I have the 10,000 receipts book which didn’t work well on the old kindle but haven’t tried it on the new one yet.

    best, john

  12. w.w.wygart says:

    Been done, decades ago.

    Back when I worked in the aerospace industry, I worked for a company who’s original core business was temperature sensors, primarily thermocouples and hi-temp wiring harnesses for on-wing and off-wing turbine engines. In the ’50’s/60’s [long before my time] they had this neat little product [a commercial failure] called the Seegenator [after Seebeck Effect] which generated enough DC to power a transistor radio from a candle. It was about the size and form-factor of a backpackers candle lantern, but had about 3,000 type K thermocouple junctions in a couple of strips attached to the sides of the tube and a small voltage regulator [transistors!]. The body of the Seegenator acted as the chimney [you could even store your candle inside it] and the candle was the heat source. It was the functional and plug in equivalent of a nine volt battery complete with snap style connectors.

    These days TEG’s are a more form friendly option than t/c’s, buy some of those, some heat-sinks, and with the right voltage regulator circuit you are in business. Welding the necessary thousands of strands of Chromel and Alumel together to produce the required voltage [and current] and insulating them properly takes some real manufacturing expertise, couple of cold-welds [as opposed to cold-junctions] and what ever efficiency you had goes to hell.


  13. E.M.Smith says:

    And interesting video of making a ‘3 burner 3 pot and an oven’ stove / kitchen. I don’t have anywhere suited to it (needs a self ventilating space, no chimney, and more room than I have) but if I lived on 1/4 acre and had a larger patio, it would be fun to build.

    The video starts with a ‘rocket oven’ on a cart that doubles as a kiln. Later, several bits used in the “Kitchen” oven / stove are stated to have been fired in the first oven / kiln. (Things like spreader plates and other small clay / ceramic parts.) I don’t know which has me more interested, the kitchen of the kiln… (It is way more efficient on wood given the small burner than other backyard kilns I’ve seen. Looks like double walled oven part is the trick…

    They also cook a meal of roast chicken, beans, french fries, and what looks like cheese quesedillas. Frankly, they are having an easier time of it than I do in my small kitchen where all the burners are crammed together…


    I’d rather move to Chile or Peru ;-)


    Nice bit of history. I saw references to the same kinds of generators being used in oil and gas field installs (where not much electricity exists, but lots of ‘free’ hydrocarbon to burn…) So one ought to be able to find larger units in the O&G Support industrial supply chain.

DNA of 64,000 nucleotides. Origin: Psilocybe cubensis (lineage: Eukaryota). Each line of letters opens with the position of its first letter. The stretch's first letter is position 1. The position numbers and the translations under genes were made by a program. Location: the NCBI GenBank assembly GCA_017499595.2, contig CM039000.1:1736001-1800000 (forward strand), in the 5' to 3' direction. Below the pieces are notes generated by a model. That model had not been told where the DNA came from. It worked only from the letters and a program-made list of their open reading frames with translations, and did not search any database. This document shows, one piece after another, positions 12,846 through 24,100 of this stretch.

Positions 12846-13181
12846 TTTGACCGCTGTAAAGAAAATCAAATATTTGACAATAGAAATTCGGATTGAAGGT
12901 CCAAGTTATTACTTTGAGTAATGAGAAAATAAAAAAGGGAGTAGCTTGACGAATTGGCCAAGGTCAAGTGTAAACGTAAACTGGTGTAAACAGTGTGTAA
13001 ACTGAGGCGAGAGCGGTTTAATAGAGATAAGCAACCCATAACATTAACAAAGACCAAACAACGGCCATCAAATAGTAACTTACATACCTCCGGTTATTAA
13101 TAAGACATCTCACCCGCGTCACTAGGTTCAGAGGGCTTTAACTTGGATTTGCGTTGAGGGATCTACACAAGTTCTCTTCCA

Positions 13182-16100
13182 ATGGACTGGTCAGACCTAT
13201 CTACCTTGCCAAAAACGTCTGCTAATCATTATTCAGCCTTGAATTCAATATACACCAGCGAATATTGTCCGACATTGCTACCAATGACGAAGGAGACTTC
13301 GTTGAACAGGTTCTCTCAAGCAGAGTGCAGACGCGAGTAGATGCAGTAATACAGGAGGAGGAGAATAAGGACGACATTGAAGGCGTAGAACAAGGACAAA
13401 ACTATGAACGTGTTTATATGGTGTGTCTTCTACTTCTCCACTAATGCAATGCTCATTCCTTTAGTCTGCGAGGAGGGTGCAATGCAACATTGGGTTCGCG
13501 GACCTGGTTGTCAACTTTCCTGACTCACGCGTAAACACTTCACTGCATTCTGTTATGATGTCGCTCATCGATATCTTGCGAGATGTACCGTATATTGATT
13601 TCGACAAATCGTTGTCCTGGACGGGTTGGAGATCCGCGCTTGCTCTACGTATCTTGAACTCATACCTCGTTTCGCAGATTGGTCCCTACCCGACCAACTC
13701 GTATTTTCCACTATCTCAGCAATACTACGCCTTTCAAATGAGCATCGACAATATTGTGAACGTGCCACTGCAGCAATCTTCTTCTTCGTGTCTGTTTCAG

14. sandy mcclintock says:

    I notice the ad says ‘smartphones’ not iPhone.
    I have found that my iPhone 3gs needs a 2 amp charger. 5 volts and 5 watts implies 1 amp which for me would not be enough. My little Android phone is less fussy about the USB power characteristics.
    I wonder what other people have found in practice.

  15. E.M.Smith says:

    @Sandy Mcclintock:

    Batteries usually charge any time the voltage is high enough. That the iPhone wants more amps likely just means the battery is larger and / or they want a faster charge time. (There is a threshold of current where there isn’t enough current to net increase charge due to internal self discharge rate and charge circuitry consumption, that that ought to be ‘way low’).

    So while I don’t have direct experience with it, i’d expect it to mostly be a very slow rate problem. Though it is possible that “cut off’ circuitry is in there to only try to charge if the current / voltage are high enough.

  16. Petrossa says:

    EM, when i was fleeing from the netherlands oppressive 1984 squared political climate is considered where to go profoundly.
    What is needed:
    Stable liberal political system
    No religious influences
    banking not run by the local mafia
    low risk of getting your throat slit
    good healthcare
    no scary diseases rampant
    convivial population.
    good weather/climate

    Which just about rules out everything except the usa and western europe.
    The usa i decided against, just not my thing.
    So i was stuck deciding a country limited by germany, austria, france.
    Germany and Austria have lousy climates so France it became.

  17. adolfogiurfa says:

    @E.M.:I’d rather move to Chile or Peru…Like this place: One hour from Lima City, 600 inhabitants, at 2,900 meters altitude, wild partridges, etc. (In the 9 millions people Lima crazy city almost nobody knows how near is this secluded place: